Uneven crop development has made fungicide application a challenge in wheat this year, when fusarium risk is running medium to high across most of the province.
The winter wheat crop came out of the winter in poor state, after challenging planting conditions in the late fall. Many farmers elected to keep the crop, but its development is uncommonly variable.
Why it matters: Efficient protection against fusarium requires properly timed fungicide application.
“It’s a big challenge as it relates to the lack of uniformity in some of these stands,” says Joanna Follings, cereals specialist for the Ontario Ministry of Agriculture, Food and Rural Affairs. “Some of the tillers are further behind and not at the right stage.”
The risk of fusarium is also high for parts of the province, according to the DONcast program.
Soggy fields and damp ground, as are common this year, are good breeding grounds for fusarium. If the temperature reaches 22 C to 27 C, there’s even more potential for fusarium to develop.
Not all farmers will spray fungicide on wheat, as the cost of the application cuts into the profitability of what could, in some cases, be a poorer-than-normal-yielding crop.
It is difficult yet to put a number on how many acres of wheat were killed off due to poor emergence and overwintering problems. More wheat was kept than expected because farmers were unable to spray due to wet conditions. The wet year prompted some farmers to keep the wheat growing in fields, despite its poor condition because they faced problems getting other crops planted.
“Most producers of good wheat don’t take it for granted and do an application (of fungicide) regardless of the risk,” says Deb Campbell, an agronomist and owner of Agronomy Advantage, based near Dundalk.
“This is not a cost I’d try to cut, if you are trying to make something out of this marginal crop.”
Campbell says there’s a five to seven-day variation in wheat development in many fields. Some tillers are that far behind the primary head and will make it more difficult to get the 70 per cent of heads covered that is the goal of fungicide sprayed to prevent fusarium.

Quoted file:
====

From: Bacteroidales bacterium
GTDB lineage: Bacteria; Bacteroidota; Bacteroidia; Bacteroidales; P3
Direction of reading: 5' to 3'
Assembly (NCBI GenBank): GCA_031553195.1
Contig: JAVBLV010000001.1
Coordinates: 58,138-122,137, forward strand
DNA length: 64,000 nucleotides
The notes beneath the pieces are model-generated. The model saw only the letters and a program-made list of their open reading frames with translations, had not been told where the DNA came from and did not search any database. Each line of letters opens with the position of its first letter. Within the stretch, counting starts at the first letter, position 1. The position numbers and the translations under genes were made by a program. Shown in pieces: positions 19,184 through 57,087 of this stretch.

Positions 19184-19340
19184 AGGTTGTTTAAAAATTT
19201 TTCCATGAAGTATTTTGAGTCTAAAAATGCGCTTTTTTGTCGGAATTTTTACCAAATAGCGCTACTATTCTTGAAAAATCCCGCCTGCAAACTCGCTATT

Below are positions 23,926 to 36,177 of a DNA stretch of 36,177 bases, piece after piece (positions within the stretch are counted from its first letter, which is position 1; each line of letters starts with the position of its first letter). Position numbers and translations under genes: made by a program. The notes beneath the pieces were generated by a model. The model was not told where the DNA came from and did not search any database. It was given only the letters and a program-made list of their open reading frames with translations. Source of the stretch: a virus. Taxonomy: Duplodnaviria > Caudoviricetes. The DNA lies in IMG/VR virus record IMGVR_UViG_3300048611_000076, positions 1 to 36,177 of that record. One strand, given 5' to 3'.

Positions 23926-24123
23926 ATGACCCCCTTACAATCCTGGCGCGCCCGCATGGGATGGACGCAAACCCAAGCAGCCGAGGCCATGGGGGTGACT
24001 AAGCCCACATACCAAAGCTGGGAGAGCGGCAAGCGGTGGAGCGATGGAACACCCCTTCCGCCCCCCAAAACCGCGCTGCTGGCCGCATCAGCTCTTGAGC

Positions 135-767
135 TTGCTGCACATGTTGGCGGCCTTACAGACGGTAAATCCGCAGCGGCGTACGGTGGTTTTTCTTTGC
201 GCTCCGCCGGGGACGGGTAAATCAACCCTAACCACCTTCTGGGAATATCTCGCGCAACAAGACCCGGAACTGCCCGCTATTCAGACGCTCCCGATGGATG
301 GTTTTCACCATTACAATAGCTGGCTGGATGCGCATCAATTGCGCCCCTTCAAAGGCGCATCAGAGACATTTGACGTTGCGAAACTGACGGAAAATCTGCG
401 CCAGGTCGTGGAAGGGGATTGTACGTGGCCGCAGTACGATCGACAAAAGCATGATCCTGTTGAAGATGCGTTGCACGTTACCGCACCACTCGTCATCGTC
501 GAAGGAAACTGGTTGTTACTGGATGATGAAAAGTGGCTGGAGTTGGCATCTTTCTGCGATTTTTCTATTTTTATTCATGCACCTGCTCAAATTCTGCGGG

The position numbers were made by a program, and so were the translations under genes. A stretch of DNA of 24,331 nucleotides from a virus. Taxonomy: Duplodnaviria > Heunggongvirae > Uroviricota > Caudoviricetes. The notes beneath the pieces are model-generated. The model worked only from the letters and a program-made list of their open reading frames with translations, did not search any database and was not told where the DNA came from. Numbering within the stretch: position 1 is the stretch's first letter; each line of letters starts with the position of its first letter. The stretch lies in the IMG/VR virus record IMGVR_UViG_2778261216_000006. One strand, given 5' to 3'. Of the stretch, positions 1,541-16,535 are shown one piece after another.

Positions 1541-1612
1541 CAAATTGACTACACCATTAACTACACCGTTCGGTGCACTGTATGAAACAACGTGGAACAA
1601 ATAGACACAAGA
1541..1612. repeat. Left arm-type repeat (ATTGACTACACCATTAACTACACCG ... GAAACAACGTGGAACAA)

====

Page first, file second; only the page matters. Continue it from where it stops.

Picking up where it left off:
The goal is to spray when 75 per cent of the heads on the main stem reach complete emergence, or growth stage 59, says Follings. Then the optimum timing for spraying is the next day at the beginning of pollination, when the anthers are visible on the middle of the wheat head. That means there’s a limited window for application.
Last year, the application window was short because the wheat was maturing quickly under heat and excellent growing conditions. This year, the wheat is maturing slower, so there will be more time for fungicide application.
Campbell says that there’s still value in spraying up to seven days after head emergence. A second application may also have made sense, she says, but is economically difficult to justify.
Scout for leaf diseases, insects
Follings says little leaf disease has been found this year so far, but she encouraged farmers to scout for septoria and stripe rust.
Cereal leaf beetles have also been found in the wheat crop, says Follings, but not yet at levels that cause concern. They could be an issue in spring cereals, if wheat fields are killed off and the beetles move into other crops.
How to make room for 2020 wheat?
Figuring out how to plant next year’s wheat crop is driving some of this spring’s complex planting decisions, says Campbell. Farmers who want to keep wheat in their rotation may not have great opportunities to plant wheat if soybeans are later maturing due to late planting.
That’s meant some farmers planted barley or are looking at shorter season corn or soybeans to follow with wheat, especially if they’ve rolled over contracts due to a lack of wheat this year.